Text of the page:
Allegations by police that Olympic boxer Vijender Singh consumed heroin underscores the drug abuse epidemic sweeping across India’s Punjab province. Reuters

Allegations by police that Olympic boxer Vijender Singh consumed heroin underscores the drug abuse epidemic sweeping across India’s Punjab province.

According to a report from the Press Trust of India, or PTI, Punjab Police claim that Singh used heroin a dozen times after acquiring it from smugglers, while his sparring partner, Ram Singh, consumed the drug five times between December 2012 and February 2013.

Vijender, who became the first Indian boxer to win an Olympic medal when he appeared at the 2008 Summer Games in Beijing, has denied any involvement with drugs.

The Indian sports ministry has asked the National Anti-Doping Agency, or NADA, to immediately conduct drug tests on Vijender in an effort to clear the air surrounding the famed boxer.

"Such reports in respect of a sporting icon are disturbing and may have a debilitating influence on other sportspersons in the country,” the ministry said in a statement.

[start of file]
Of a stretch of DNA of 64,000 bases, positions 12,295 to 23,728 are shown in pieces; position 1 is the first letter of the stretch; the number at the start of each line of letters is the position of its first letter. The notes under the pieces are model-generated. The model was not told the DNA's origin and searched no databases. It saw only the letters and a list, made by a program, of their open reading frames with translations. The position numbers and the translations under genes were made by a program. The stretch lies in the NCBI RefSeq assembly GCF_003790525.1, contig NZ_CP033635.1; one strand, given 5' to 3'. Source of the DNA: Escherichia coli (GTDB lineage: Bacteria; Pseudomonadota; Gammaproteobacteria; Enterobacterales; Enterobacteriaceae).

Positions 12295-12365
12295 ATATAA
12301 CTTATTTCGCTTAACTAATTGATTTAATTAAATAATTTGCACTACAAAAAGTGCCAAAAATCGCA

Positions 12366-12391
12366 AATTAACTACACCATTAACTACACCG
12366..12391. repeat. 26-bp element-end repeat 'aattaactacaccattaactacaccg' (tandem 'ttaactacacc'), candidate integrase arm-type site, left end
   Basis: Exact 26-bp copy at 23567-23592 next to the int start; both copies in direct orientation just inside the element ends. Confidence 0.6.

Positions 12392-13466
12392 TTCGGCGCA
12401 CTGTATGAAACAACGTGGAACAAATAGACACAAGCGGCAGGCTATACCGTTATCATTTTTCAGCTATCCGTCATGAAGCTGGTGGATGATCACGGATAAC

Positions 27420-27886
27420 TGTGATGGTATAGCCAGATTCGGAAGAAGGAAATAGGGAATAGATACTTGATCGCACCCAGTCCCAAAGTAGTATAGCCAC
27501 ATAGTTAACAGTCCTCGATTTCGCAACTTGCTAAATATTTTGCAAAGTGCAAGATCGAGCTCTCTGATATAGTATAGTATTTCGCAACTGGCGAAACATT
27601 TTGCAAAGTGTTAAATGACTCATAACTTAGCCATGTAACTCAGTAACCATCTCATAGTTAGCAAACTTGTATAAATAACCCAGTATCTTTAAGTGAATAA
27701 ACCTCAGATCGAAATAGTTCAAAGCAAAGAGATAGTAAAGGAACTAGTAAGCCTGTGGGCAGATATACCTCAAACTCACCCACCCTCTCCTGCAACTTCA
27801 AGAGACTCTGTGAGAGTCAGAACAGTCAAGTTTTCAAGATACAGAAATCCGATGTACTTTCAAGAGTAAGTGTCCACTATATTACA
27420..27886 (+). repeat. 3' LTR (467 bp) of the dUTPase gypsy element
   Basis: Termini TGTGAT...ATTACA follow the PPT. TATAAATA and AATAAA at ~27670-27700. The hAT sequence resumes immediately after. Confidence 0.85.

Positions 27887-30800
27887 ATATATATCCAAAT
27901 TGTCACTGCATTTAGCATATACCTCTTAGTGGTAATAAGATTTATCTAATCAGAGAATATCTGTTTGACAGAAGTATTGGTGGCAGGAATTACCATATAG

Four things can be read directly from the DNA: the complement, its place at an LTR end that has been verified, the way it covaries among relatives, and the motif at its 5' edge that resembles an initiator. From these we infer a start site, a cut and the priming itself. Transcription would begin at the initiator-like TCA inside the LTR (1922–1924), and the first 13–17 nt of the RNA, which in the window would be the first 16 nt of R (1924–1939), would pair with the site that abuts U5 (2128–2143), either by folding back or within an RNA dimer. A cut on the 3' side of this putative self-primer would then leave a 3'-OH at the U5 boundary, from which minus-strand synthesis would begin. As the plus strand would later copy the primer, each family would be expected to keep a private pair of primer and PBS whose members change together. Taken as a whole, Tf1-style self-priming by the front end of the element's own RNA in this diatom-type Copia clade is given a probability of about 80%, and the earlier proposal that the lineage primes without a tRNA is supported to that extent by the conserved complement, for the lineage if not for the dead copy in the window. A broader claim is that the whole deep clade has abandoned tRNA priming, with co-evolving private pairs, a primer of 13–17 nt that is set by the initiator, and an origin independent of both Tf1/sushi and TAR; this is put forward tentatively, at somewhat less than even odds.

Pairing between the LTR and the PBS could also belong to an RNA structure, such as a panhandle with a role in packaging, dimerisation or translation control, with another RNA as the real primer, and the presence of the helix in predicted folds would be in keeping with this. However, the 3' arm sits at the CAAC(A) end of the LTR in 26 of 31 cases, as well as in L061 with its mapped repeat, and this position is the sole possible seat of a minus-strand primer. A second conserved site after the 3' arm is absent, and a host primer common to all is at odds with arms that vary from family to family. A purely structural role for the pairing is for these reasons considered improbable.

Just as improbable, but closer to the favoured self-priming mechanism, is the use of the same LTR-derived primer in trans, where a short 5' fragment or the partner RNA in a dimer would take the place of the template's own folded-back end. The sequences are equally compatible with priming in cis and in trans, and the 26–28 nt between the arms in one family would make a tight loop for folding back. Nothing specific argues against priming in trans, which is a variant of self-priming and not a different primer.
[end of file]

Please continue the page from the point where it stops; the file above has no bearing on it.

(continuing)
It is unclear if Vijender will agree to take the test or what his current legal status is with respect to the drug allegations.

Regardless of Vijender Singh’s guilt, drug abuse is a major problem in his native Punjab.

Punjab is one of the wealthiest parts of India, but its high unemployment rate, slowing economy and proximity to Pakistan and Afghanistan makes its young men highly vulnerable to addiction to illegal narcotics, particularly opium, hashish and heroin.

In the past two decades, Punjab has become a principal smuggling route for drugs from Afghanistan ultimately destined for Europe, but much of the product has found an eager market in India.

Attempts by the Indian government to seal the border with Pakistan have only pushed up the price of drugs, including heroin, forcing addicts to gravitate toward cheaper over-the-counter pharmaceuticals that produce a similar high. These latter drugs are almost entirely manufactured within India itself.

According to a report in the Washington Post, the town of Maqboolpura, outside Amritsar, near the Pakistani border, has been so devastated by the deadly scourge of drug abuse it has earned the sobriquet “the place of widows.”